Harmful tax practices

Guernsey signs tax information exchange agreement with the United Kingdom


20/01/2009 - Guernsey and the United Kingdom have today signed a bilateral agreement for exchange of information for tax purposes bringing to 10 the number of such agreements entered into by Guernsey. The agreement is especially significant given the close economic and political relations between Guernsey and the United Kingdom.

Jeffrey Owens, Director of the OECD’s Centre for Tax Policy and Administration welcomed the new agreement as an important development. Given the current financial crisis, he noted, “it is now more important than ever that countries implement international standards of transparency and exchange of information.”

“Guernsey has signed nine tax information agreements with other countries within the past year, making its commitment to international standards in these areas clear and strengthening its reputation as a legitimate financial centre,” Mr. Owens said. “Guernsey has shown that the standards can be implemented quickly where there is a real willingness to do so.”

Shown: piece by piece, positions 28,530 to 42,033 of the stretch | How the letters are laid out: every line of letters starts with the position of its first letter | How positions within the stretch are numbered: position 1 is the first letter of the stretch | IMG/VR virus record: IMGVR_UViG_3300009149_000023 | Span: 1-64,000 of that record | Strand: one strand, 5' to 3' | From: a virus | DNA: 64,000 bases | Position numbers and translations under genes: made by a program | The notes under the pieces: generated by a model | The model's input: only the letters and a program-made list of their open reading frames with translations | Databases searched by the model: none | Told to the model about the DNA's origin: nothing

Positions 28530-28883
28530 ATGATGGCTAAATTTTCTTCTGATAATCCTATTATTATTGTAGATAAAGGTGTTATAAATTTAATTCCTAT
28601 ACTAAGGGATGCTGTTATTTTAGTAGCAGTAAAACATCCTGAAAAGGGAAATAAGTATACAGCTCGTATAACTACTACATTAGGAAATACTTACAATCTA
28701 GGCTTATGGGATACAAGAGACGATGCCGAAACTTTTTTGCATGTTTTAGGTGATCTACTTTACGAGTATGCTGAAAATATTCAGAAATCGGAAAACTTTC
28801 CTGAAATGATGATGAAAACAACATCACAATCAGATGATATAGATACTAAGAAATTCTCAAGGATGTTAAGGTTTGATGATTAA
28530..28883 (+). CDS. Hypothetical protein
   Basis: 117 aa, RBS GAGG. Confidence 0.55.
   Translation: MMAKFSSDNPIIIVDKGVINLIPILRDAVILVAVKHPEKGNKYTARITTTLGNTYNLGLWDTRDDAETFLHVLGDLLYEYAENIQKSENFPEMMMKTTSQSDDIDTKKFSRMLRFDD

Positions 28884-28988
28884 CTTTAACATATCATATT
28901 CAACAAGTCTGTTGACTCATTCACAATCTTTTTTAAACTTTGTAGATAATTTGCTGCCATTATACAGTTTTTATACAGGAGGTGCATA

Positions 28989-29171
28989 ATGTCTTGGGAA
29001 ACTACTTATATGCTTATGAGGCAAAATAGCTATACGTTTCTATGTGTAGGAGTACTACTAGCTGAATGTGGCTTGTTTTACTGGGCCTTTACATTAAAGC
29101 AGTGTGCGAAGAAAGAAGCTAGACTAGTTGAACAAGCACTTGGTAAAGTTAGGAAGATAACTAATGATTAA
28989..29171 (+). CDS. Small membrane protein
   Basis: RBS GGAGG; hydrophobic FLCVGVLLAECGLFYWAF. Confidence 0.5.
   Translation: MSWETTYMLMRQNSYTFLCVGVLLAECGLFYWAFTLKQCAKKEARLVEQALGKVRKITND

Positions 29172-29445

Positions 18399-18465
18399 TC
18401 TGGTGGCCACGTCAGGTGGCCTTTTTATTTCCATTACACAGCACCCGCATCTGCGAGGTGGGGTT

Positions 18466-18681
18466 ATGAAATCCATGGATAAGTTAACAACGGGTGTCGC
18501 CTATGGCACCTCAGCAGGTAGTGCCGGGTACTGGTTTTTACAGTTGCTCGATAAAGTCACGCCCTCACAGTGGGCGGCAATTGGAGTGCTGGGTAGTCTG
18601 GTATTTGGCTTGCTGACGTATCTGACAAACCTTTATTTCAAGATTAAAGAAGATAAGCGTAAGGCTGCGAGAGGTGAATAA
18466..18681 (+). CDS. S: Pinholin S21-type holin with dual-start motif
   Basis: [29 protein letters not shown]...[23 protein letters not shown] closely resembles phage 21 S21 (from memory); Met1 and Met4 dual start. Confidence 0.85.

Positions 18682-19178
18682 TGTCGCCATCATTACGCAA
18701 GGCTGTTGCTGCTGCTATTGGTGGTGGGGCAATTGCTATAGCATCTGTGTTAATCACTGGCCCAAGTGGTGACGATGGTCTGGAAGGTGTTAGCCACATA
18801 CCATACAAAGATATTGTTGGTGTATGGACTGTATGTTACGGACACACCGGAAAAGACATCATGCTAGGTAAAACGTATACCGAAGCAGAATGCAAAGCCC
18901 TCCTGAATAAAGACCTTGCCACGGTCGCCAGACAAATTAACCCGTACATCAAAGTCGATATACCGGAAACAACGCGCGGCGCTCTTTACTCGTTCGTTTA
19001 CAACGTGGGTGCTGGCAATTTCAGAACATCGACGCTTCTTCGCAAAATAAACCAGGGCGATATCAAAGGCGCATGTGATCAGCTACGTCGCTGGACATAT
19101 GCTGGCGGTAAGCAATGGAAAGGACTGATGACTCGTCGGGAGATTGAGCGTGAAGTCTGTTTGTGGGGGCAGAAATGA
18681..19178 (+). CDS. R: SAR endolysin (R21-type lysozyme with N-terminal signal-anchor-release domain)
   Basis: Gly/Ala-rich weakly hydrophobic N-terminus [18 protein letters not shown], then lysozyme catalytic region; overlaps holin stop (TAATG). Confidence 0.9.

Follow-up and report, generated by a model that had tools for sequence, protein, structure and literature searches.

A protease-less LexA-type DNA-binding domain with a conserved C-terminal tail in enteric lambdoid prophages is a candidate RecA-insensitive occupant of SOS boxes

OECD's work in the area of cross-border finance is designed to enable countries to fully and fairly enforce their tax laws (see progress reports issued in 20002001, 2004 and 2006). A total of 35 jurisdictions have committed to work with OECD countries under the auspices of the OECD's Global Forum on Taxation to improve transparency and to establish effective information exchange for tax purposes, and many other countries and international organisations have also endorsed these principles.

A report issued last September, "Tax Co-operation: Towards a Level Playing Field - 2008 Assessment by the Global Forum on Taxation", describes the progress made in 83 OECD and non OECD economies in implementing the high standards of transparency and exchange of information for tax purposes.

For further information, journalists are invited to contact: in Guernsey, James Falla (tel: +44 1481 717225); in United Kingdom, Helen Jones (tel: + 44 20 7147 2328); at OECD, Pascal Saint Amans (tel: + 33 1 4524 9746).


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